Trends in outpatient breast cancer surgery among Medicare fee-for-service patients in the United States from 1993 to 2002
Bian, J., & Halpern, M. (2011). Trends in outpatient breast cancer surgery among Medicare fee-for-service patients in the United States from 1993 to 2002. Chinese Journal of Cancer, 30(3), 197-203. DOI: 10.5732/cjc.010.10345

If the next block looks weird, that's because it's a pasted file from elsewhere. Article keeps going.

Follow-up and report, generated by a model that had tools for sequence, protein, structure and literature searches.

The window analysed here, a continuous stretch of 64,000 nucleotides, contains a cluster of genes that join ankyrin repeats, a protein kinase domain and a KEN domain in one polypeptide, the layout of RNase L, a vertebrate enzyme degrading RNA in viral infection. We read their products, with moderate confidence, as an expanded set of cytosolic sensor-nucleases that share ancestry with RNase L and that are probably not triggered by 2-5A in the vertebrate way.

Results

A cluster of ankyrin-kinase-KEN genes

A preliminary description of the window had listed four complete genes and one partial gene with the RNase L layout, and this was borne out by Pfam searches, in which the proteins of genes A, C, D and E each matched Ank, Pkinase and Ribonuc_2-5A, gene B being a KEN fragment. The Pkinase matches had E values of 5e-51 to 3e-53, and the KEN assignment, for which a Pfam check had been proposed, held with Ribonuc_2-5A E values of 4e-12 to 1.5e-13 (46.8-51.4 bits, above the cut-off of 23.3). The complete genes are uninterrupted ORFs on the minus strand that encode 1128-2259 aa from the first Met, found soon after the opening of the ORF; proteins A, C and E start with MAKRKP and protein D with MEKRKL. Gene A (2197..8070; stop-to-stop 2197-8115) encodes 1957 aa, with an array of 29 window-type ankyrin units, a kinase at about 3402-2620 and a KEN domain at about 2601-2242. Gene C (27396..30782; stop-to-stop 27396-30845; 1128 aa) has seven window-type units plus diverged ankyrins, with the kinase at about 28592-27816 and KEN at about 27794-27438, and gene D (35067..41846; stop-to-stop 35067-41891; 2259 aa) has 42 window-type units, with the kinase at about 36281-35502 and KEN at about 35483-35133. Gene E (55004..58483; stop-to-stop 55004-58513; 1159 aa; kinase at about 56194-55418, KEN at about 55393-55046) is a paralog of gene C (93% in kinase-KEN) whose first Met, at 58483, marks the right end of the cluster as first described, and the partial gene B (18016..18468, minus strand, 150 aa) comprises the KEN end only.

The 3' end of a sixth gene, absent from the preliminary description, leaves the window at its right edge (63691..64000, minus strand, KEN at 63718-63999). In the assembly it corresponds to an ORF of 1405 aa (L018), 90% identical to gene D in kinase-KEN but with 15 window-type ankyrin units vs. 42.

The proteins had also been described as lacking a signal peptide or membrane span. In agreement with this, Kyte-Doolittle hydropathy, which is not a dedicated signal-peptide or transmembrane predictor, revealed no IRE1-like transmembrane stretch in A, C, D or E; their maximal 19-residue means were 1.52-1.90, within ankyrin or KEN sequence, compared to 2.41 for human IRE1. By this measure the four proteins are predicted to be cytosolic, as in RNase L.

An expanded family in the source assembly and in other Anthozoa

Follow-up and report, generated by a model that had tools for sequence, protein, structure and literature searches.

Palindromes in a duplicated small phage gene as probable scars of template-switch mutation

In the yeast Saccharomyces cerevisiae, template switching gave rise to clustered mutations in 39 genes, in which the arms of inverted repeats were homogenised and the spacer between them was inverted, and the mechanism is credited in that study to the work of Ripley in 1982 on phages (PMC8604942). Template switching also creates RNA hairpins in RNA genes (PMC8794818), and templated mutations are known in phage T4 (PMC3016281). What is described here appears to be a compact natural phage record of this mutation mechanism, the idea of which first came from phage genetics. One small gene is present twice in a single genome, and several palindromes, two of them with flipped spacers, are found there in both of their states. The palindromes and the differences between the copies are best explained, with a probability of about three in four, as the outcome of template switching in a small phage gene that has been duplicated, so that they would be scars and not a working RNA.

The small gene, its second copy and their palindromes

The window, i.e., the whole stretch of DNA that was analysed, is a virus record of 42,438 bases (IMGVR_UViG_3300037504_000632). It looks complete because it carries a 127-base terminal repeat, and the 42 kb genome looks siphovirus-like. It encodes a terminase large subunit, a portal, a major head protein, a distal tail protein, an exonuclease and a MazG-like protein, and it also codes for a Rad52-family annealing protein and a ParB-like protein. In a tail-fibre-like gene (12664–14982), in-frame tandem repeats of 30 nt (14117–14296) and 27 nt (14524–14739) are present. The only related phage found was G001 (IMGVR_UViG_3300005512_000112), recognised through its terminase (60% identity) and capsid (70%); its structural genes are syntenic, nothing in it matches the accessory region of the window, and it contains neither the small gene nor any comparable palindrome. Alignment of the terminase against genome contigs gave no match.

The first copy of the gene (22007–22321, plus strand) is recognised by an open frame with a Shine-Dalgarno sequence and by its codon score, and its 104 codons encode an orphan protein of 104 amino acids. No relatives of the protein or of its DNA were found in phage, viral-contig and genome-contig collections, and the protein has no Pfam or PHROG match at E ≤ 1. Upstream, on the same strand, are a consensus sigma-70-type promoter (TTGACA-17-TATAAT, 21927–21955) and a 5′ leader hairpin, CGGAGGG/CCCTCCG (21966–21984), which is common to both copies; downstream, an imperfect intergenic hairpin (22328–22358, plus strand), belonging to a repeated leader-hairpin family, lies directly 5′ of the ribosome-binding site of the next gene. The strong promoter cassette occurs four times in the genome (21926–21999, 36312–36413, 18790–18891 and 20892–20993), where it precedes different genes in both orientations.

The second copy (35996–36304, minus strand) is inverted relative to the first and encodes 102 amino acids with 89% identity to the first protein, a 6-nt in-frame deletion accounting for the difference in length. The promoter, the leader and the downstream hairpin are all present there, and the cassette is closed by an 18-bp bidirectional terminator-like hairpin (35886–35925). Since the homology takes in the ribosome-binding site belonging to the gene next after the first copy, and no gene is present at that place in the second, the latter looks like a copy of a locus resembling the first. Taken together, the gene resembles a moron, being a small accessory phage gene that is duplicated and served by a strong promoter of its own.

The practice of outpatient breast cancer surgery has been controversial in the United States. This study aimed to update time trends and geographic variation in outpatient breast cancer surgery among elderly Medicare fee-for-service women in the United States. Using the 1993-2002 linked Surveillance, Epidemiology and End Results (SEER)-Medicare claims data and the Area Resource Files, we identified 2 study samples, including the women whose breast cancers were the first-ever-diagnosed cancer at age 65 years or older from 9 regions continuously covered by the SEER registries since 1993. The first sample included the women receiving unilateral mastectomy for stage 0-IV cancer; the second included the women receiving the breast-conserving surgery with lymph node dissection (BCS/LND) for stage 0-II cancer. The proportions of patients receiving outpatient surgery increased from 3.2% to 19.4% for mastectomy and from 48.9% to 77.8% for BCS/LND from 1993 to 2002. We observed substantial geographic variation in the average proportion of the patients receiving outpatient surgery in the studied areas across the 10-year period, ranging from 3.9% in Connecticut to 27.2% in Utah for mastectomy and from 54.7% in Hawaii to 78.1% in Seattle, Washington, for BCS/LND. As the popularity of outpatient breast cancer surgery continues to grow, more evidence-based analyses related to quality and outcomes of outpatient breast cancer surgery among various populations are needed in order to facilitate the public debates about state and federal mandated health benefit legislations.